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    Forbidden Love Is Explored in The Hottest Summer

    By Gary M. Kramer–

    The Hottest Summer, now available on Prime, is an enchanting Italian romcom directed and cowritten by out gay filmmaker Matteo Pilati (Mascarpone). The film chronicles a tale of forbidden love as Nicola (Gianmarco Saurino), a handsome young deacon, unexpectedly falls in love with Lucia (Nicole Damiani), a young woman in a Sicilian village where he takes a position in the local parish.

    Pilati treats this potentially charged situation with more charm than irreverence. He captures the simmering heat between Lucia, who has a boyfriend, and Nicola, who is preparing to be ordained into the priesthood.

    Saurino is utterly irresistible in the lead role and his relaxed, engaging performance helps make The Hottest Summer so appealing. In separate interviews, Pilati and Saurino spoke with me for the San Francisco Bay Times about their new film, a gender reverse version of The Sound of Music.

    Gary M. Kramer: The characters of Nicola especially, but also Lucia, live double lives; their relationship is on the down low—it’s closeted—which is something members of the gay community can understand. What can you say about how the couple struggles to be truthful about their forbidden love?

    Gianmarco Saurino: I loved Nicola. He’s a beautiful character. The most fascinating thing is the dualism of him being caught between loving God and loving a woman. It was important that you cannot have sex when you are a priest—not because someone said that you can’t, but because you are in love with God. That was my focus. This is the most important thing for him. He is wrong, and full of doubts, and he doesn’t know what the right choice is. This happens to everyone, many times, throughout our lives. That’s what makes this character human—you can see yourself in his story.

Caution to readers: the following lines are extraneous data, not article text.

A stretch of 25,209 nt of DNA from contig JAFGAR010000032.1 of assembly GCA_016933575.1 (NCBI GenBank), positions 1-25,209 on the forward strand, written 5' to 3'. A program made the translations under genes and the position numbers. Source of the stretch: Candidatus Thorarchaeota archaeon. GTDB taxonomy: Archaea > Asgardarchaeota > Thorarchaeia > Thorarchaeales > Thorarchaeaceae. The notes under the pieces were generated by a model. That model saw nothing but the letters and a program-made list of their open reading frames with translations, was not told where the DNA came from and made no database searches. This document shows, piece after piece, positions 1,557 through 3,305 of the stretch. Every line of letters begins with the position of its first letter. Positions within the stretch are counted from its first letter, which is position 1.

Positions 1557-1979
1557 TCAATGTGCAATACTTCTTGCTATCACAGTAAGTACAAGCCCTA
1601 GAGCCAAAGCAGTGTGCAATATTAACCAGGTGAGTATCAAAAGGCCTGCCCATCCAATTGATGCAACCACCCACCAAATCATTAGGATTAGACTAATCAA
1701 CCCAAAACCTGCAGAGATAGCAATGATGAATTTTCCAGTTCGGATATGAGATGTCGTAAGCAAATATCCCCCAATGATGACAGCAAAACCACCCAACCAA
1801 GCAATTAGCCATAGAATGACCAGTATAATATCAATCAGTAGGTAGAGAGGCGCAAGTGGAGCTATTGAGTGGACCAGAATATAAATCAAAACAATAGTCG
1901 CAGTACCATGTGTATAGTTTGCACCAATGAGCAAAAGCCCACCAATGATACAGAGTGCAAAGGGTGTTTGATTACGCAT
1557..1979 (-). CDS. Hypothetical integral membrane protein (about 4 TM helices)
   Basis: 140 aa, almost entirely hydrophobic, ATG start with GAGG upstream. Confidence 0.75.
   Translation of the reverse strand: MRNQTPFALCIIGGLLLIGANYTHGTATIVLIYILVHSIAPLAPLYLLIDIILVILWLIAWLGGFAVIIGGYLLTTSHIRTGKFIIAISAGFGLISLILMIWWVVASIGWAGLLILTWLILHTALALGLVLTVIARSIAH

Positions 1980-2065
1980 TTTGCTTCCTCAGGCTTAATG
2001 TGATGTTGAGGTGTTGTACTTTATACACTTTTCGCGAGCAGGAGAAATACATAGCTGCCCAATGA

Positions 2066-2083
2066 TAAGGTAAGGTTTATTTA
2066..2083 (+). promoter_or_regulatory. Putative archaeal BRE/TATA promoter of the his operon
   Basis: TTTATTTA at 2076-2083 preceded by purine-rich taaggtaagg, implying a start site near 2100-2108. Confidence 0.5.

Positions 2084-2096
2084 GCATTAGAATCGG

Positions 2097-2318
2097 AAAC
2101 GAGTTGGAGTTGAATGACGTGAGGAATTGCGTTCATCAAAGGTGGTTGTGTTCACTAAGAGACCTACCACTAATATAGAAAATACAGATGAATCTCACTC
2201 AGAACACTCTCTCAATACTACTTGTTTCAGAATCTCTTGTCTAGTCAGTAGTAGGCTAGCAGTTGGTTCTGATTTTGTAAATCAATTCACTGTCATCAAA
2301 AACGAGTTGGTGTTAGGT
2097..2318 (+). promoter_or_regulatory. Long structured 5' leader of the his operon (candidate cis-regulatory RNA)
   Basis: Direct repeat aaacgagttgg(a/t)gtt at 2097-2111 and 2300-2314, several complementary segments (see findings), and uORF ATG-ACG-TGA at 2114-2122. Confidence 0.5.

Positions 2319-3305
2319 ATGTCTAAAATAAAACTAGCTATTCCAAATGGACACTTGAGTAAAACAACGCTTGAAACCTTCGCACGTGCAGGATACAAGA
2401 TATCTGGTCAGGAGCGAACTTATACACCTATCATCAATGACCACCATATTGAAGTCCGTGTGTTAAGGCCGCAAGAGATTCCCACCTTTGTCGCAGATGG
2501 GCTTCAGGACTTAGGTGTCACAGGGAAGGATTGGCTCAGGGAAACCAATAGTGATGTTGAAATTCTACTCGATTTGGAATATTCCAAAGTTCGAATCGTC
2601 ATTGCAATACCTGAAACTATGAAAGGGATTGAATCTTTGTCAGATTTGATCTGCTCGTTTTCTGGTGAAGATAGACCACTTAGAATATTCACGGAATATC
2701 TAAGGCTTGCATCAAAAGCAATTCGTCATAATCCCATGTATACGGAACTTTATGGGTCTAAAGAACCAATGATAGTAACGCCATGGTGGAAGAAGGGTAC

Matteo Pilati: Gay people can relate to that aspect—it is a forbidden love. I think The Hottest Summer is as gay as a straight story can be in a way. I am a gay man, so it is natural that I have a sensitivity in how I approach stories no matter who the characters are. When Nicola sings the song from The Sound of Music, it’s a very gay moment.

    Gary M. Kramer: Matteo, how do you approach making a “straight” film? There is a sensitivity here in some of the heartfelt exchanges, but you include a gay character who is accepted by his peers, and there is a queer history ascribed to a painting.

    Matteo Pilati: There are strong homosexual undertones in Lucia and her friend Valentina’s (Alice Angelica) relationship, which is somehow explicit in the one part of the film. They can be seen as a couple. They sniff each other, fight like jealous lovers, and Valentina explicitly asks Lucia to deflower her at the beginning of the film. The undertone is there, and it is for the audience to pick it up or not. It is subtle, but it’s there. The Hottest Summer can be seen as a gay love story between Lucia and Valentina.

    Gary M. Kramer: Nicola is an almost perfect man. He can fix pipes, he saves animals from a fire, and even gets more folks to attend church. Can you talk about his flaws and sins? It was fun to see that Nicola is not holier than thou.